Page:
The Comment box below can be used to share the assumptions you’ve come across in the comment box below or if you'd like to, share what kind of support you find the  most helpful. 

Anonymous
  • This is a GREAT page! I've actually felt like stopping going out and telling people about activities I've enjoyed, because some people say I can't be ill because I can still enjoy going to the theatre, etc. I've had breast/axillary node cancer and now have vaginal cancer. Ever since the vaginal cancer diagnosis I have asked people to stop saying things like "you'll be fine", "you worry too much", and today a friend who is a breast cancer survivor told me I always listen to the worse case scenario when I told her I was worried about incontinence on my journey to and from chemoradiation treatment. I'm pretty angry about this as I spend SO MUCH of my time trying to be positive and hide how emotionally frazzled I am. I know it's difficult for people to come to terms with the fact that their friends have cancer but I really am sick of being told I will be ok, and how strong I am when I might not be ok and the outward show of strength is often for their benefit not mine - although I do believe that being positive and doing as much as I can for myself is the way forward for me.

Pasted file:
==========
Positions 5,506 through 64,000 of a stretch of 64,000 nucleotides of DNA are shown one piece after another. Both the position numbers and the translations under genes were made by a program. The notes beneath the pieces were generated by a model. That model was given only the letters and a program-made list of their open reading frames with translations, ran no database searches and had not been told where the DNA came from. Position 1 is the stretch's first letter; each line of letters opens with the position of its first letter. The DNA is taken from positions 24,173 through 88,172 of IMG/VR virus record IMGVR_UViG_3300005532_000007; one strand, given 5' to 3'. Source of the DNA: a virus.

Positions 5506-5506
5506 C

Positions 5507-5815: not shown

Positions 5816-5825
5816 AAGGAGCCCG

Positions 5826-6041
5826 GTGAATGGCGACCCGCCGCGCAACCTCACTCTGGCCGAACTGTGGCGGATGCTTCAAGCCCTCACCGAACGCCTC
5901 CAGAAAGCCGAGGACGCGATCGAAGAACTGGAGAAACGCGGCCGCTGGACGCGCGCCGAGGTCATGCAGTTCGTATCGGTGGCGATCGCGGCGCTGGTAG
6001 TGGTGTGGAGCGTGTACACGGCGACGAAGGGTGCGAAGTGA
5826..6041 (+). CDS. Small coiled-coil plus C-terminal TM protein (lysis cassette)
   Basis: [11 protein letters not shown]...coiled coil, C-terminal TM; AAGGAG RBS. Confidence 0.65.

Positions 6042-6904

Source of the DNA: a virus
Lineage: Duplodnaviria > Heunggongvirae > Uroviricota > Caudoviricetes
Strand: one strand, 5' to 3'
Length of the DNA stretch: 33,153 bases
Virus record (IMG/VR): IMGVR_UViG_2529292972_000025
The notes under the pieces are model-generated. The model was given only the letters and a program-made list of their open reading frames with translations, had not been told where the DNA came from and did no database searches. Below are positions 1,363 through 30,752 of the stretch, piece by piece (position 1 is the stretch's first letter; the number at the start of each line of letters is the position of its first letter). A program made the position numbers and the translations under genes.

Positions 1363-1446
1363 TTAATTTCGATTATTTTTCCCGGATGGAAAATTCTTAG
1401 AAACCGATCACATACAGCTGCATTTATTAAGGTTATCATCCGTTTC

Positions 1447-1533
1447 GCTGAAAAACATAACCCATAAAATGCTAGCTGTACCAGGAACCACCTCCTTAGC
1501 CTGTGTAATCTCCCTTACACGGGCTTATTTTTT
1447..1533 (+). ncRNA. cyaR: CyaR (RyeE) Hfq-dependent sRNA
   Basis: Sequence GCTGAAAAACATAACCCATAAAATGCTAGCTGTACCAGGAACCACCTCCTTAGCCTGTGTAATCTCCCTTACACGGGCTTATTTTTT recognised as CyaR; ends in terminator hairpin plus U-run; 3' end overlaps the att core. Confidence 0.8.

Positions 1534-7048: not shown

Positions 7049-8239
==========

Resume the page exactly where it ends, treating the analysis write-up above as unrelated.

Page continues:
• Hi 

    Thank you for commenting on the Showing empathy for everyone blog, to share some of the assumptions you’ve experienced. I’m sure other’s reading this blog and the blog comments will understand how you’re feeling.

    We’re glad you’re reaching out for some support and found the Online Community. I hope you’ll find talking to other members in our Community groups to be a comforting source of support.

    The Online Community team are here to help member’s use the site and access support so if there’s something we can do to help, just let us know. You can contact the Online Community team every day by sending a private message to the Moderator account, or by emailing community@macmillan.org.uk.

    Best wishes, 

    Megan
    Macmillan's Online Community team